stock market

stock market

Coronavirus: Worst days for the stock markets since 1987

Financial markets across the world exercised their own form of social distancing as they completely ignored any sort of interventions and went deeply into bear territory amidst Covid-19 panic, which brought upon them their worst day of trading since the 1987 crash. An automatic timeout in trading, a USD 1.5-trillion Federal Reserve pledge to sop up the bond market, or a series of reassurances from the Trump administration, nothing helped. The Dow Jones industrial average tumbled by 2,352 points, fell by almost 10%, with the S&P 500 and Nasdaq suffering losses of 9.5% and 9.4%, respectively.

Travel halts across the world owing to the government restrictions on traveling and concerns revolving around the containment of the virus have caused widespread panic. The energy sector was majorly hit as an oil price war, along with an estimated fall in demand that came upon the investors. Technology giant Amazon fell by nearly 8%, while Apple dropped by 9.9%, whereas the consumer durables sector was one of the market’s few gains that went up by more than 6% as buyers hoarded supplies in fear of the lockdown. Investors were seen to be not convinced by President Trump’s Wednesday-night speech or his Thursday reassurance that the markets will bounce back big at the right time. Trump restated his proposal to suspend the payroll tax even when the key members of Congress were skeptical about its multi-billion-dollar cost. Several talks about the workforce reductions are already underway for the transportation companies affected by the Covid-19 after Trump’s Wednesday night announcement that he would suspend all travel from 26 European countries.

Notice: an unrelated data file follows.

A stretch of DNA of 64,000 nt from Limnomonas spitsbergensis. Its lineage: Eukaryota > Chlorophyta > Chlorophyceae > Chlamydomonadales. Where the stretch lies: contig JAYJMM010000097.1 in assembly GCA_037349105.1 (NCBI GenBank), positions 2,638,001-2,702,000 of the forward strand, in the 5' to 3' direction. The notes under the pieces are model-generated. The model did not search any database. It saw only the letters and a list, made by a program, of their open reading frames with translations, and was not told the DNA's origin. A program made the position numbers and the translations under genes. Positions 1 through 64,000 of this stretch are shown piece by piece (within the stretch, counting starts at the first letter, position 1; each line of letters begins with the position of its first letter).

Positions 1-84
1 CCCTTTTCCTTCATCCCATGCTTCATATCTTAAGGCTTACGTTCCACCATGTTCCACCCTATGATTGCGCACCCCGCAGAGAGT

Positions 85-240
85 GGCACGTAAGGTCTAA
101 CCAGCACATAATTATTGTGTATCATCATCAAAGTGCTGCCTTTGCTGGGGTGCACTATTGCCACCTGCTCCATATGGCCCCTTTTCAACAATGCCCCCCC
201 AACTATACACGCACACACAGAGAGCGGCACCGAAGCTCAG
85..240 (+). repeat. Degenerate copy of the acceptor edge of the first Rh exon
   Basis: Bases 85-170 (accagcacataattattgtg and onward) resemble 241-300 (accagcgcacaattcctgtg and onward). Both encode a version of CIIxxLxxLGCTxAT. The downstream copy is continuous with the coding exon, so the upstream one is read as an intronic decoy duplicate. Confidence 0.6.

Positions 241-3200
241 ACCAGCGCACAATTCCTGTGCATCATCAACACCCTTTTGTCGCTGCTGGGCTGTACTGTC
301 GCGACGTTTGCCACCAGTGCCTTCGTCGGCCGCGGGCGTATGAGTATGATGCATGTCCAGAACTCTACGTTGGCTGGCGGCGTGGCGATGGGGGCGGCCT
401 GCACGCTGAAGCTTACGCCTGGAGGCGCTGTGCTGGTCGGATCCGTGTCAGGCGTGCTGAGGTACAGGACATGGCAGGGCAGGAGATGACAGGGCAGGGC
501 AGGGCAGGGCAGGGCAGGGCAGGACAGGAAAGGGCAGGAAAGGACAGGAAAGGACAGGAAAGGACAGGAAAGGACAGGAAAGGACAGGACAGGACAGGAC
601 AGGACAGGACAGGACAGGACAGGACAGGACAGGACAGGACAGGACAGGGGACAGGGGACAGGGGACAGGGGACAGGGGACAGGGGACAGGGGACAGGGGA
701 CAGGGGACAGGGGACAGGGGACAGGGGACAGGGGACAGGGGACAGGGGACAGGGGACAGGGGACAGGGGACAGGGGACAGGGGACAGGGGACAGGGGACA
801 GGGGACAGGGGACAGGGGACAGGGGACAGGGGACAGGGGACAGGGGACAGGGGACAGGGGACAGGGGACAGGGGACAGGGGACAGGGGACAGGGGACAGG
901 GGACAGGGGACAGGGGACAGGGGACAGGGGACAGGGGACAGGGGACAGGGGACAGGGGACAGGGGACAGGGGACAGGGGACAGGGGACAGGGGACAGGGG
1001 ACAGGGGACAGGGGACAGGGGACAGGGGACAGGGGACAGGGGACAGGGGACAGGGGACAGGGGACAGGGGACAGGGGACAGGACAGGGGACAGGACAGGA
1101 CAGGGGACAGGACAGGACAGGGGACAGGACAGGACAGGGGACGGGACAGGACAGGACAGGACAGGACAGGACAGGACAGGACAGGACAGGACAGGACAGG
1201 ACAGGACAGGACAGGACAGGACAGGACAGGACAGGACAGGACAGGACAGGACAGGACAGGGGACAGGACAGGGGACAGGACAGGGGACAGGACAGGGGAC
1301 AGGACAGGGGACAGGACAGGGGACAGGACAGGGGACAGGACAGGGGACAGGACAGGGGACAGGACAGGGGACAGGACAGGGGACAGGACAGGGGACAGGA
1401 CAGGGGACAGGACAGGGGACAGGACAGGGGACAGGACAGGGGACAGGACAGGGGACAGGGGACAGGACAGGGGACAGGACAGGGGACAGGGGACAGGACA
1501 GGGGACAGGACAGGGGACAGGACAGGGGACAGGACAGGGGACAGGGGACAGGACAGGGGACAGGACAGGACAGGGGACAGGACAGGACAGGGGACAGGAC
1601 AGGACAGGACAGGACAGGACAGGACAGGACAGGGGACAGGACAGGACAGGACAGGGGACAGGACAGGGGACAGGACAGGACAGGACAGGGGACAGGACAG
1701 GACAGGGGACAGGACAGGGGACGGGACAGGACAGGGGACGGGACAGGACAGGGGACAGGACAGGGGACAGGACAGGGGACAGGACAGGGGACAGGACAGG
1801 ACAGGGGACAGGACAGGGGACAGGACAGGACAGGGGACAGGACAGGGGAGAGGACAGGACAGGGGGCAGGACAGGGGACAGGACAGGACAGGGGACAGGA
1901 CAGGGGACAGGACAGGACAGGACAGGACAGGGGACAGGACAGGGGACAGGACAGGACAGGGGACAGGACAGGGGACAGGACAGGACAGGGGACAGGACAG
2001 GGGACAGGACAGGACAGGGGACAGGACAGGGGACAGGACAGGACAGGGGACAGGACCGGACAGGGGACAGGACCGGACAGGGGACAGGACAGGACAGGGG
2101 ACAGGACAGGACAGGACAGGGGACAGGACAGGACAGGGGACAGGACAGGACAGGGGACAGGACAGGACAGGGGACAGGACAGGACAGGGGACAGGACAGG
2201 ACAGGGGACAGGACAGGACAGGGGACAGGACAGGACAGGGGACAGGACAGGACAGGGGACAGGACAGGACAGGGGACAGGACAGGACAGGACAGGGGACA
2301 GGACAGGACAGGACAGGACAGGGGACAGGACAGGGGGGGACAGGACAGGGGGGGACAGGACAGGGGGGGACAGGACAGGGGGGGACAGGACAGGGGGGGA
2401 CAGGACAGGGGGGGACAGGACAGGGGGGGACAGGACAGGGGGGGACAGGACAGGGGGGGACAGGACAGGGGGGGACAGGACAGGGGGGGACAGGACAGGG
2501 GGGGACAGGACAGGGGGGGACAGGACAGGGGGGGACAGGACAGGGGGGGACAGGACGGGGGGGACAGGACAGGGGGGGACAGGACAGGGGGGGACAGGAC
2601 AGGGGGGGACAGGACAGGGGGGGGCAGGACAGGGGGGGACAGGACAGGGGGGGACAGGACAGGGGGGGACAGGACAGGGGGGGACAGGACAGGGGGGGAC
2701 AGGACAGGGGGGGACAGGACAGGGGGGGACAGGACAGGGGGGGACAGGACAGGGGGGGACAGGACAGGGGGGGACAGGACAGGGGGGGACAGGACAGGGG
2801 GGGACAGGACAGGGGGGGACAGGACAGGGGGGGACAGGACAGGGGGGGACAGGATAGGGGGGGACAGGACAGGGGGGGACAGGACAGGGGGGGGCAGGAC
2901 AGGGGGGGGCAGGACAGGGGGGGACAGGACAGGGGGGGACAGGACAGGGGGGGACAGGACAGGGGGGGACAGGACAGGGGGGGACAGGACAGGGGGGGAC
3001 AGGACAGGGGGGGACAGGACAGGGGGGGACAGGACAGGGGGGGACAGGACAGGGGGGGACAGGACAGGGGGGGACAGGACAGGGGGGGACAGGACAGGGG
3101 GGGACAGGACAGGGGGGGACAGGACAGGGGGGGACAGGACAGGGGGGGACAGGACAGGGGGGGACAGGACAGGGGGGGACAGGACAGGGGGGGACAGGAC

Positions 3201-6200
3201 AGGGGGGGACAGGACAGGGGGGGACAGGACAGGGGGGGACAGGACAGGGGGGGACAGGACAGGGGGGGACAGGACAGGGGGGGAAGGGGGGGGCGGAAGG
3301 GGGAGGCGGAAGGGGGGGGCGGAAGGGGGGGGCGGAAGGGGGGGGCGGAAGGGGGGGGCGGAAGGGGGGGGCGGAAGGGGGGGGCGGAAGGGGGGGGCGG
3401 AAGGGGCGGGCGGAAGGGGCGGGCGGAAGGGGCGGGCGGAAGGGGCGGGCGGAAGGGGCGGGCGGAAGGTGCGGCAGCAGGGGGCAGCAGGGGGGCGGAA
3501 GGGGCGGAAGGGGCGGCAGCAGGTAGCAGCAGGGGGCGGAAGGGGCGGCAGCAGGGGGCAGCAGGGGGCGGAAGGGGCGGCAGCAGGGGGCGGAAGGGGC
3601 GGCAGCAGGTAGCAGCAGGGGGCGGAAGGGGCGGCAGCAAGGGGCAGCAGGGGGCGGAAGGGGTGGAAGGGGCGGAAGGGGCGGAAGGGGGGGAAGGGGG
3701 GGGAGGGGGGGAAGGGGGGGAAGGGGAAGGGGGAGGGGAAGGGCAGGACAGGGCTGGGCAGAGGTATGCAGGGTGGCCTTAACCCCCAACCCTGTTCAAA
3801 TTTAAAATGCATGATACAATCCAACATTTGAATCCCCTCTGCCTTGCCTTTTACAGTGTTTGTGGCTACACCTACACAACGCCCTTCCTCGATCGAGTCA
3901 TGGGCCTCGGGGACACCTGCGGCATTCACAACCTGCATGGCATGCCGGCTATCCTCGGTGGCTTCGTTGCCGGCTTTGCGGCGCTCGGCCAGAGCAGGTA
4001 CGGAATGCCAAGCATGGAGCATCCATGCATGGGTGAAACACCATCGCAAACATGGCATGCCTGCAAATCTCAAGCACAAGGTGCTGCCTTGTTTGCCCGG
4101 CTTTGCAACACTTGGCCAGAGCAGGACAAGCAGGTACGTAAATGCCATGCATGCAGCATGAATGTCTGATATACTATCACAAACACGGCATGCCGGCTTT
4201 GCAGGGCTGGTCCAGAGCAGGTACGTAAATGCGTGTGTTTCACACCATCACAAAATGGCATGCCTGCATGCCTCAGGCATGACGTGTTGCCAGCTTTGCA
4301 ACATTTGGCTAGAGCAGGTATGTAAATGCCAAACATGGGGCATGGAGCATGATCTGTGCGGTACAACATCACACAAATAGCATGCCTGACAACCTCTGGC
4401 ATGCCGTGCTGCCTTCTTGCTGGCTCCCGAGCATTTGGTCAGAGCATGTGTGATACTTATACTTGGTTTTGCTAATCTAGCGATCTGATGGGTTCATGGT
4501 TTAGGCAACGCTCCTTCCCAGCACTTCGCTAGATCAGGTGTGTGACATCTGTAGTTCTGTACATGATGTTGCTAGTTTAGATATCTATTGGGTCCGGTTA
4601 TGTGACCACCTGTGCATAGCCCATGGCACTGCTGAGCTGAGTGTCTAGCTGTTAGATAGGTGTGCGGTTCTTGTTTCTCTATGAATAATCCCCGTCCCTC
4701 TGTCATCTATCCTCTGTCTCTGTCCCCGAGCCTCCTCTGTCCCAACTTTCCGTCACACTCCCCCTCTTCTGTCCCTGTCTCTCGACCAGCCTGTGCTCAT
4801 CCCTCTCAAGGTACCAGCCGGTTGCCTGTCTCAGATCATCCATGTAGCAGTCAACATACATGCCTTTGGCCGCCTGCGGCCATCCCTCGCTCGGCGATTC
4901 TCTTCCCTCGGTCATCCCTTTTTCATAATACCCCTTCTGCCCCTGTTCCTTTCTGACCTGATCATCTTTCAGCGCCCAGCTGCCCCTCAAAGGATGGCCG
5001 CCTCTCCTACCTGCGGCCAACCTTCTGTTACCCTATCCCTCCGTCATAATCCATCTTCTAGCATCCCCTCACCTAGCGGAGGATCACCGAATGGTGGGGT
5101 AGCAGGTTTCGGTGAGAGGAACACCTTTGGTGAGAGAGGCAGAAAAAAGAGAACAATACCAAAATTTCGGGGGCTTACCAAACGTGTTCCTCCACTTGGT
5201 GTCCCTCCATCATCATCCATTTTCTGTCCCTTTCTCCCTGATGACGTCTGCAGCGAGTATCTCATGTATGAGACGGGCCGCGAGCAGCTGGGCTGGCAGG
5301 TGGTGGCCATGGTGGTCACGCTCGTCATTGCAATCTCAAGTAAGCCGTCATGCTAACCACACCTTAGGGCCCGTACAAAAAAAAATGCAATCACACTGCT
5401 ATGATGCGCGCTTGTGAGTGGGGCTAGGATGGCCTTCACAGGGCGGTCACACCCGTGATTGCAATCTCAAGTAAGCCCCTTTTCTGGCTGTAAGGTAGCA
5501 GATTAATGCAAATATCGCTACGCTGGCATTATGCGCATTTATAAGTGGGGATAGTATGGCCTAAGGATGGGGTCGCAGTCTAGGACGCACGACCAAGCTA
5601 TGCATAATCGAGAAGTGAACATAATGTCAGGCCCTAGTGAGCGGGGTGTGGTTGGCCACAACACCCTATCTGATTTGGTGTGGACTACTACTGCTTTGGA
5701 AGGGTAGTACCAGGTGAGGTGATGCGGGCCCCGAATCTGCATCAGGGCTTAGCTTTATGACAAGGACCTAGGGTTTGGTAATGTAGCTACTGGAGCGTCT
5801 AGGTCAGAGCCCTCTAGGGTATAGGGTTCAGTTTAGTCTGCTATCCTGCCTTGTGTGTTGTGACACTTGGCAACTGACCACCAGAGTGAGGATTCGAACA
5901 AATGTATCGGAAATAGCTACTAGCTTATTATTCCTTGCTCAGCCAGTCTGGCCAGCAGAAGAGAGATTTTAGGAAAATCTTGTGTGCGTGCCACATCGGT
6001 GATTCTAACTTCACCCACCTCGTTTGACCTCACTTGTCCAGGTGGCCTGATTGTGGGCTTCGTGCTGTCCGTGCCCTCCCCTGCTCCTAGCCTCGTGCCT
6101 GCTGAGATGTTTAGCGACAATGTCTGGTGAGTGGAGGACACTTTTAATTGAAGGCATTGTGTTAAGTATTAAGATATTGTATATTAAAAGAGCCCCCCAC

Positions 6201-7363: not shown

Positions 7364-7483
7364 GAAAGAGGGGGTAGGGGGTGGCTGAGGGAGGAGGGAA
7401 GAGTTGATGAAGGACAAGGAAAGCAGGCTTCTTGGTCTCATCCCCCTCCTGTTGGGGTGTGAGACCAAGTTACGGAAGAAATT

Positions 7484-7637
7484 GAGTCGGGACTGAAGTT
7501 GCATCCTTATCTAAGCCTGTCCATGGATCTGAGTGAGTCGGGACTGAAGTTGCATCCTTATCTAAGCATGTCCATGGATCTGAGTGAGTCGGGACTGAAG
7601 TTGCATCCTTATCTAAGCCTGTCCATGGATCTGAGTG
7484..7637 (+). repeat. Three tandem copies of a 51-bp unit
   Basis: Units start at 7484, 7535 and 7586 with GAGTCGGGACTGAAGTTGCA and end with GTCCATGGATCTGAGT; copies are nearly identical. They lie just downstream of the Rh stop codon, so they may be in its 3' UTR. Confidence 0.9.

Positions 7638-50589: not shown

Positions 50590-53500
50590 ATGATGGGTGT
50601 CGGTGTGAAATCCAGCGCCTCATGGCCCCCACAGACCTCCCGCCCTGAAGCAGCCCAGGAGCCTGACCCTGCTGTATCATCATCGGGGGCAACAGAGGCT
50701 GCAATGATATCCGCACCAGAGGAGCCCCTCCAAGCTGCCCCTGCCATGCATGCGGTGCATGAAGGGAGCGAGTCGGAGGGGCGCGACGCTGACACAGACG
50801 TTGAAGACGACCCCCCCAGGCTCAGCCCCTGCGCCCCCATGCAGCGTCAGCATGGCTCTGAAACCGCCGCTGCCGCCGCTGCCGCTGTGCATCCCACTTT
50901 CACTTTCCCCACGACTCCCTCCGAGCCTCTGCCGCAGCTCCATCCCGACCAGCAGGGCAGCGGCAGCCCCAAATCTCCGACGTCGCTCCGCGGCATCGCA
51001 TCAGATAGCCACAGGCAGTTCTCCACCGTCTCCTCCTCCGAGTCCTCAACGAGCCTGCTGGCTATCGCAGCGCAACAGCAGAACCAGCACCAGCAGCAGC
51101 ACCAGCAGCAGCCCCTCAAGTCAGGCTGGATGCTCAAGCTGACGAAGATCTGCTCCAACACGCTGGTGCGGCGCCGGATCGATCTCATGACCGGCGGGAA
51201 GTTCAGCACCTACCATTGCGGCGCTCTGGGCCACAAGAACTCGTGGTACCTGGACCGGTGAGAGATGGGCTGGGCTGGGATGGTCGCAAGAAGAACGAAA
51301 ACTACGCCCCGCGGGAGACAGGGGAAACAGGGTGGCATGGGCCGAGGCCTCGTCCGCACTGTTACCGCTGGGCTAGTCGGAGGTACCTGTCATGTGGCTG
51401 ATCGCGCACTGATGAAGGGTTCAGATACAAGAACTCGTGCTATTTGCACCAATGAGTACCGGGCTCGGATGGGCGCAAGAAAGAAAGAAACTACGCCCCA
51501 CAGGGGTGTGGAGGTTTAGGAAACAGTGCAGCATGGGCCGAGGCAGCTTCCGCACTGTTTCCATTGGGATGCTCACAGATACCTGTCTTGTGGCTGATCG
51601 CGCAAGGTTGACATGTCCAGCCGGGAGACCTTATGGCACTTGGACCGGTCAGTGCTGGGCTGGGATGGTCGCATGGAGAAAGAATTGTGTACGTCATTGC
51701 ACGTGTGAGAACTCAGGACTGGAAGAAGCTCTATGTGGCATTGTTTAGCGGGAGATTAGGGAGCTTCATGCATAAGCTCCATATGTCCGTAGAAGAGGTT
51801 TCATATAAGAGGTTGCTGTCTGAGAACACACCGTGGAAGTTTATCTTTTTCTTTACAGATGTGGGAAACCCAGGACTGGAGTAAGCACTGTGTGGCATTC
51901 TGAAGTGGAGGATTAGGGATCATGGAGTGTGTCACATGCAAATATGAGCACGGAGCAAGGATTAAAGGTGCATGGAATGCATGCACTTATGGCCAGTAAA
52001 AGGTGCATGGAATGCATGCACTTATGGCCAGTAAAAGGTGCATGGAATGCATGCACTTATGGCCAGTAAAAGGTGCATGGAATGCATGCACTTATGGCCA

Democrats led by House Speaker Nancy Pelosi have also proposed a paid sick leave to cover the 14-day quarantine, along with increased food aid, unemployment insurance, and free medical testing for people. Their plan would cover two-thirds of the salary of workers at companies. And businesses that support the paid leave scheme would be compensated with tax credits. However, it remains unclear how much help such measures will bring to the wrecked economy.

Leave a Reply

Your email address will not be published. Required fields are marked *